Friday, 22 July 2011

Gratitude on the Go

It's summertime (love!) and I've been doing some travelling recently. I took a road trip across three provinces and back. I was blessed to be able to stay at friend's and family's homes along the way. Yes, it saved me some money, but I was also really blessed to stay in other's homes and receive amazing hospitality.

It occurred to me as I travelled from house to house that there is such a thing as Travel Ettiquette. You have influence wherever you go. Here are a few tips/ideas for taking an attidue of gratitude with you on the road:

*Sometimes I arrive with a small bouquet. I stop at a road side stand or a grocery store on the way, and give the bouquet to the host as an initial thank you.

*Offer to help with meal preparation (from chopping carrots to setting the table). This is a kind gesture, even if they don't take you up on the offer. In this case, stay and make conversation. It can be tempting sometimes to take extra time to "freshen up" and steal some moments away, especially on long trips when travel can be tiring. Resist the temptation and take the opportunities to show you care and are grateful for the sacrifice they're making for you.

*Don't be picky. Whether it's with food or accomodation, don't stick your nose up. On the other hand, if your opinion is asked, be honest. Don't say "you're fine with anything" if you truly don't like one of the two options provided. No host wants to serve you something you won't enjoy.

*Upon leaving, I strip the bed and fold the sheets. If I stayed on a hide-a-bed, I put it back together. I fold the towels I used and place them beside the sheets. That way, it saves my host a little time when they clean up from my stay.

*Pack and give thank you cards. I keep a package in my suitcase, even when it's in storage, just so I don't forget. Whenever I leave a house after my stay, I leave a card thanking them for their generosity and hospitality. I place it on top of the folded sheets.

These are a few of my tips on how to be a good guest. Some I learned from my mother and cousin and others I picked up from guests of my own.  What would you add?

Go in peace to love and serve the Lord.:.

Thursday, 7 July 2011

.:.Doorpost Hospitality.:.

Two weeks ago, my high school boarder moved out. She was an absolute delight to have as a part of our family for ten months. It is incredible how closely tied you can become to someone after such a short time. I currently have a love-hate relationship with her empty room. As I watched her leave and walk through the door, I was reminded of a moment two years ago when I prayed over our door, our home and those that would find themselves visiting there.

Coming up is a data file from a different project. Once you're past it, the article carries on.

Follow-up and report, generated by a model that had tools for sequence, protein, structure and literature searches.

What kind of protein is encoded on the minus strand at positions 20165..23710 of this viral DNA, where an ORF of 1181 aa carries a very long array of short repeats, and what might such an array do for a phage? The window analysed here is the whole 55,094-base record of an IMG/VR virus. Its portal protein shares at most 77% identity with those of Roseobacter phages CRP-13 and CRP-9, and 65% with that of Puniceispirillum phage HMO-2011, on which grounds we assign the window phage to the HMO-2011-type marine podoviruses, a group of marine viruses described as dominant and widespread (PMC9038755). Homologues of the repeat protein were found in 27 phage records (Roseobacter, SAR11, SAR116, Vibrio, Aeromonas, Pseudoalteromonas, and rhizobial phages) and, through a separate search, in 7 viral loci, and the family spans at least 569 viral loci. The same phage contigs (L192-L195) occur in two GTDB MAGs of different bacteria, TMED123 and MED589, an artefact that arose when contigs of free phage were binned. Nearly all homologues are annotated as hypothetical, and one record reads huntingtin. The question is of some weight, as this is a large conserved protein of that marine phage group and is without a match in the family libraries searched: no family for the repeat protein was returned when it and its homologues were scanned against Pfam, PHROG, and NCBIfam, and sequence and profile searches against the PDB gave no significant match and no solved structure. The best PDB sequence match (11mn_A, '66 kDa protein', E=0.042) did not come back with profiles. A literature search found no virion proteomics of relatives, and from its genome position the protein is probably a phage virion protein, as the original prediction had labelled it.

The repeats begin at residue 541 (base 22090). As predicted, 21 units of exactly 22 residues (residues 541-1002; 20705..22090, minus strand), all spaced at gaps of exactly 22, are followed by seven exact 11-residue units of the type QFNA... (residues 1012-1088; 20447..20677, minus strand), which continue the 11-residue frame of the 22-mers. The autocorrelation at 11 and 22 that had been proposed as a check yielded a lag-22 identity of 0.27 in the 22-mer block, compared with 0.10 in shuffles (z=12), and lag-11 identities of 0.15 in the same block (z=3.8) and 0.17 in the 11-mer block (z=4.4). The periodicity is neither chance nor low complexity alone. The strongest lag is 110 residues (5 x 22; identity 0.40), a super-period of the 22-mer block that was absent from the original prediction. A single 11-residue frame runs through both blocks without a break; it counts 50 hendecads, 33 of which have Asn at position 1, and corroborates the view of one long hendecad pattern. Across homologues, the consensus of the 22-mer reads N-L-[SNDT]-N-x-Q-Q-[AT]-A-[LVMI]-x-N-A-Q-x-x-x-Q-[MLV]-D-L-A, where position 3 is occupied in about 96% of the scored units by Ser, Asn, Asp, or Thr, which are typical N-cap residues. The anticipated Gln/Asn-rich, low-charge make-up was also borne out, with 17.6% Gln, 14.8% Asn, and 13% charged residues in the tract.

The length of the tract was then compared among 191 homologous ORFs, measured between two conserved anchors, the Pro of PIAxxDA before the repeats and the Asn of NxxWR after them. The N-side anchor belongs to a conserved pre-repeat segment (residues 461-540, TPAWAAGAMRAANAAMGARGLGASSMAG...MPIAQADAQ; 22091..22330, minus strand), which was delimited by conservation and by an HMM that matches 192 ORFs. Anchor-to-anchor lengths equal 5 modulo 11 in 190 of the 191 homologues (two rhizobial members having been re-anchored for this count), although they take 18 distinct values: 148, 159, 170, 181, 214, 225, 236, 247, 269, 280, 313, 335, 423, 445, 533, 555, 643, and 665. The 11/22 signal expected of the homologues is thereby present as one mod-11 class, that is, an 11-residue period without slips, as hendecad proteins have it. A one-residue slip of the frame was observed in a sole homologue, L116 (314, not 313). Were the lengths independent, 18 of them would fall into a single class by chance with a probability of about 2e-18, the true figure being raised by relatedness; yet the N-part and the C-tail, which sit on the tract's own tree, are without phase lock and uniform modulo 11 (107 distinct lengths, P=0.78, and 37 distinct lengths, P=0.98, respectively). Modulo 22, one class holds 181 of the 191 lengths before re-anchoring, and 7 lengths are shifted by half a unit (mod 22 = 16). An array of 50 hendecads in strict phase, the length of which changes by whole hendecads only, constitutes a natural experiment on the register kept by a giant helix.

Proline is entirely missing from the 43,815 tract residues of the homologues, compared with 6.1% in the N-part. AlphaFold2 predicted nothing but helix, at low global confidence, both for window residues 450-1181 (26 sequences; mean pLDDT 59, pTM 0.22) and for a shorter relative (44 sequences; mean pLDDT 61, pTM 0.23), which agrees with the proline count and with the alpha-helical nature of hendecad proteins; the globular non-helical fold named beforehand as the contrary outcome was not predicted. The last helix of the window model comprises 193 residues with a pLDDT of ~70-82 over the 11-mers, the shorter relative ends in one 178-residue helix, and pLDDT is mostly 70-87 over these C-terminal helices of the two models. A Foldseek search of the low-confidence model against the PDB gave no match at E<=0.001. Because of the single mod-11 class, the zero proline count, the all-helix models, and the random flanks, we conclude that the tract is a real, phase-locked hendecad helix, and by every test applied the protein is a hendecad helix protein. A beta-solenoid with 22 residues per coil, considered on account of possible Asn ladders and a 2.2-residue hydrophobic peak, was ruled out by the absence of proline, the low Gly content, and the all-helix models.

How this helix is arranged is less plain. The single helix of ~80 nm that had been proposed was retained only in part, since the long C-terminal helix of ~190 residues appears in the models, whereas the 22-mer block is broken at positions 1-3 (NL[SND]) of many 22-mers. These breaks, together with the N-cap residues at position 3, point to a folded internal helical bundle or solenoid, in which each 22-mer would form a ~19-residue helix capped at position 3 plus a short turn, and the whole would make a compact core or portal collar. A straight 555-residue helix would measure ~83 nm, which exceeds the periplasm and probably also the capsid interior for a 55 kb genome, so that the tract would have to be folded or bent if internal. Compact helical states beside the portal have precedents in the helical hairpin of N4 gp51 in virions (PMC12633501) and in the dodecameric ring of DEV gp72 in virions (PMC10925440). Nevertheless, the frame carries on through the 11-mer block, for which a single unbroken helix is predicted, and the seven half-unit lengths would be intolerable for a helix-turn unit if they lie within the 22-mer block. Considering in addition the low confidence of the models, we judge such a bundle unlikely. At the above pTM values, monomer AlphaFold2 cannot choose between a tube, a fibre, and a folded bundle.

When I moved into the two bedroom apartment, I made the conscious decision to take the command of Romans 12:13 seriously when it says to practice hospitality. And yes, hospitality truly takes practice. I have learned some lessons along the way. I'm now all too familiar with the sound of the smoke alarm (it's applauding me, right?). I've had to let go of the lie that everything needs to be perfect for our guests to feel welcome. I’ve embraced my strengths and played off of them.
I love to host, and do it a lot. From the best friend dinners to the lemonade and cookie drop-ins to the overnight stranger-guest that didn’t have a place to stay, we have shared laughs, tears, food and a few awkward moments. One time, I even hosted a stranger-guest’s pet rats (yes, plural). Yes ladies and gents, I’ve seen the spectrum. And all along, I’ve done it unto the Lord.
I feel more blessed than words can describe by those that have walked through my door. When I first moved in, I set up my little home and then prayed over it. I thanked God for His many blessings to me through the generosity of others who helped me build my breadth of utilities. I asked Him to help me steward everything He had given me, recognizing that it belongs to Him.
And then I prayed over our door. I asked that God would bring those he wanted through it. I asked that His hedge of protection would be over it; that in our home, He would keep strife, envy and anger out and peace, love and respect in. I prayed that as people entered my home, they would be disarmed, able to relax and feel appreciated.
A home is a place of refuge. Sadly, you can be in your house without it feeling like your home.
Thank you, Lord, for a roof over my head, and those you bring to sit under it as well.

Go in peace to love and serve the Lord.:.